Numerous population subgroups have been identified as vulnerable to the effects of exposure to excessive audible noise, as well as infrasound and low frequency noise (ILFN).
Summary of vulnerable groups
- People with pre-existing:
- inner ear pathology
- motion sickness
- autism spectum disorders
- The elderly
Evidence of vulnerable groups
Dr Nina Pierpoint identified people who had pre-existing inner ear pathology, motion sickness, and migraines as individuals who seemed to be particularly predisposed to developing the symptoms of Wind Turbine Syndrome. Dr Pierpont also noted that children and the elderly were vulnerable.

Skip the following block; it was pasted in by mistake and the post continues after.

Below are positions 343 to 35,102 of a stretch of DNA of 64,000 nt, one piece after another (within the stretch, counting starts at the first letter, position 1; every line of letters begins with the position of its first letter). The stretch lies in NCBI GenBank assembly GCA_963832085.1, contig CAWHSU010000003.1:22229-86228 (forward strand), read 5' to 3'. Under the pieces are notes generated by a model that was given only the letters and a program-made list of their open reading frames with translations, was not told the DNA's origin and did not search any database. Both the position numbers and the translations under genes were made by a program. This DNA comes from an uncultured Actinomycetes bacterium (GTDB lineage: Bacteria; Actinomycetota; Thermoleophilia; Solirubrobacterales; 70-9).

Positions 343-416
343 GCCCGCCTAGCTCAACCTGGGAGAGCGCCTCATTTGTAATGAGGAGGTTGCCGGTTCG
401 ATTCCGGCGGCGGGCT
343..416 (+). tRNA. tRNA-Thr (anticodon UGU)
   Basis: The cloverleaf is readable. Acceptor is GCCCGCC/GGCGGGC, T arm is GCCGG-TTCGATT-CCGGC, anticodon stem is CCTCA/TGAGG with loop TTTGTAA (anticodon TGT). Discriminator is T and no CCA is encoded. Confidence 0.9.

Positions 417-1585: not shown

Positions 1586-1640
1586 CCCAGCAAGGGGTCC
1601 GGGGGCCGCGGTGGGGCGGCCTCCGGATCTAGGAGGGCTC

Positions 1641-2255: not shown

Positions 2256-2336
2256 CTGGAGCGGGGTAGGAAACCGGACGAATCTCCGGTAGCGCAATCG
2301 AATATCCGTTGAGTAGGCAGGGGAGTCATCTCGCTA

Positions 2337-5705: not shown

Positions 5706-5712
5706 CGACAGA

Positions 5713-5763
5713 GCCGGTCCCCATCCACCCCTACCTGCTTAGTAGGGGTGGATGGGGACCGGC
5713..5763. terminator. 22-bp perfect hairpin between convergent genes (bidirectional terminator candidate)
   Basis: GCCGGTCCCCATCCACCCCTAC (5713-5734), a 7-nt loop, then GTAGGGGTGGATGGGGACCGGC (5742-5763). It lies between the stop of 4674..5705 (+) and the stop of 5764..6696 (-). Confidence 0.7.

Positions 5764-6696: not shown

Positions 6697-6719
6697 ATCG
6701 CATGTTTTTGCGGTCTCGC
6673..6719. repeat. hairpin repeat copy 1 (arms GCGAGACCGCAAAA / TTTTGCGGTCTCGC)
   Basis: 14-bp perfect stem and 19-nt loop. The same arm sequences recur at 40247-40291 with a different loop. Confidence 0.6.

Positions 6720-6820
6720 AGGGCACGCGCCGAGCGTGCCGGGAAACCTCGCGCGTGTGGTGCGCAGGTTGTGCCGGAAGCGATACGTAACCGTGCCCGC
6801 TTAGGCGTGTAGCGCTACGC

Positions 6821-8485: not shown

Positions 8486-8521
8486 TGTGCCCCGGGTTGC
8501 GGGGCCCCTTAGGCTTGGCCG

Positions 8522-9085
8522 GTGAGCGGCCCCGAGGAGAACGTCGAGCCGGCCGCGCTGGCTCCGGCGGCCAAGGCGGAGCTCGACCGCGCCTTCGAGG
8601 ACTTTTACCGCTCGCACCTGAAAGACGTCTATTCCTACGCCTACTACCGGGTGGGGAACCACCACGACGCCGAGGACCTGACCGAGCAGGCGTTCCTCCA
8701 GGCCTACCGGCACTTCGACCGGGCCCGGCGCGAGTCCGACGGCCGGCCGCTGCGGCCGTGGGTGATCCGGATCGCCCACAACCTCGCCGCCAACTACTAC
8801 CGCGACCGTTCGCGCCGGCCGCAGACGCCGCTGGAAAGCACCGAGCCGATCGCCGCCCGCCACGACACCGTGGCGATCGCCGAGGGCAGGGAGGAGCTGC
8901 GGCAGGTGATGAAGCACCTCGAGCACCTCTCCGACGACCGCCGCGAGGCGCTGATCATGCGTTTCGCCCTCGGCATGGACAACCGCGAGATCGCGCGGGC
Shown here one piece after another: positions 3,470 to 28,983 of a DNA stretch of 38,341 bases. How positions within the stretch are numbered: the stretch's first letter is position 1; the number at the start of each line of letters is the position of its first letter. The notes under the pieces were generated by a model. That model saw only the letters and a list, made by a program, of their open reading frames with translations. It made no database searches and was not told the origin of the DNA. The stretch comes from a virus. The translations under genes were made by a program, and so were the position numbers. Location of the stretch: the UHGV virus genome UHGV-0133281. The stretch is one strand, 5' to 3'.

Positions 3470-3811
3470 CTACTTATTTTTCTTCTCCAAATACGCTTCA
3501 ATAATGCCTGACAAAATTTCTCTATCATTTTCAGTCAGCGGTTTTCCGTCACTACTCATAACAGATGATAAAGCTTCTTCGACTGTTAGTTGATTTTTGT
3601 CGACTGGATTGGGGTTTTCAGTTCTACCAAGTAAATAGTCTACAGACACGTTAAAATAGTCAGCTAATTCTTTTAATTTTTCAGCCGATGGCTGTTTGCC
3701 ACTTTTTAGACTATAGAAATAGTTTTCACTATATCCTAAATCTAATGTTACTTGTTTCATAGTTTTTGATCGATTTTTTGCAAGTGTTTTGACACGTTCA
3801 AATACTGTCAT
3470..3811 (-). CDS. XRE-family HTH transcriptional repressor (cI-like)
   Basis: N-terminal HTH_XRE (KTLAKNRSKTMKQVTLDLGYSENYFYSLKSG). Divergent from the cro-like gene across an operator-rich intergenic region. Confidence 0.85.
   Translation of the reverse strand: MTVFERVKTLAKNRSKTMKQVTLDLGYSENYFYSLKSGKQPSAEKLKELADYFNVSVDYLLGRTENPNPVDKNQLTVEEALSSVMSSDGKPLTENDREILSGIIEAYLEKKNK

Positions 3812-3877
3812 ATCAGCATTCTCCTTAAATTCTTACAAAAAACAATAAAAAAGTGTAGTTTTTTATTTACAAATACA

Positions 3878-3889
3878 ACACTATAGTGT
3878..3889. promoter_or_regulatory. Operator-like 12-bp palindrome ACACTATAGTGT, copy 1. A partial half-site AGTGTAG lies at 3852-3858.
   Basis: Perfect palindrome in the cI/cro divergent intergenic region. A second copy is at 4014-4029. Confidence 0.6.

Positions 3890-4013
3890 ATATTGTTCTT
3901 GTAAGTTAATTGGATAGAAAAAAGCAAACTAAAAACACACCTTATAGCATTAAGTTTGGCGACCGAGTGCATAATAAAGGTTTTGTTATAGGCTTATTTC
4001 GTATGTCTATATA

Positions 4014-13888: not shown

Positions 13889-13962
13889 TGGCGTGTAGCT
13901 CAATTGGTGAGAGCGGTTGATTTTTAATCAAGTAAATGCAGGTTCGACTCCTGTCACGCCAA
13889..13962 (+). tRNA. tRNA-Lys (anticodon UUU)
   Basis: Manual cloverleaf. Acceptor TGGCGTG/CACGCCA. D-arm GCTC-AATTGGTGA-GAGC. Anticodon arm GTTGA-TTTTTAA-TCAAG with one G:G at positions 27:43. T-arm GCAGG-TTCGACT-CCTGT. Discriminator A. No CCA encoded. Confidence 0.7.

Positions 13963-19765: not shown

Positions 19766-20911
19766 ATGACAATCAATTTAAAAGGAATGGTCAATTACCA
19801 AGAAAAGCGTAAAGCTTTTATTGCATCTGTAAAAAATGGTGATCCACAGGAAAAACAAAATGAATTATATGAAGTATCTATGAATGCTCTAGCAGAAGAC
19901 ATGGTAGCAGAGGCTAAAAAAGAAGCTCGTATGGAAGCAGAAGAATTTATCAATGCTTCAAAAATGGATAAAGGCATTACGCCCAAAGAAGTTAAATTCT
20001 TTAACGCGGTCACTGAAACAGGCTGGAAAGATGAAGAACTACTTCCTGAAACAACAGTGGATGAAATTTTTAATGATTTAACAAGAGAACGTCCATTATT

Professor Arline Bronzaft is a world renowned researcher into the adverse effects of noise on children, and she has reiterated her concerns about the impact on children from the wind turbine noise.
Acousticians and others have identified that individuals with autism spectrum disorders can become particularly adversely affected by the intrusive nature of the sound and the visual impact of wind turbines turning. Dr Chris Hanning, retired sleep physician from Leicester is one who is familiar with the problems experienced by those with autism.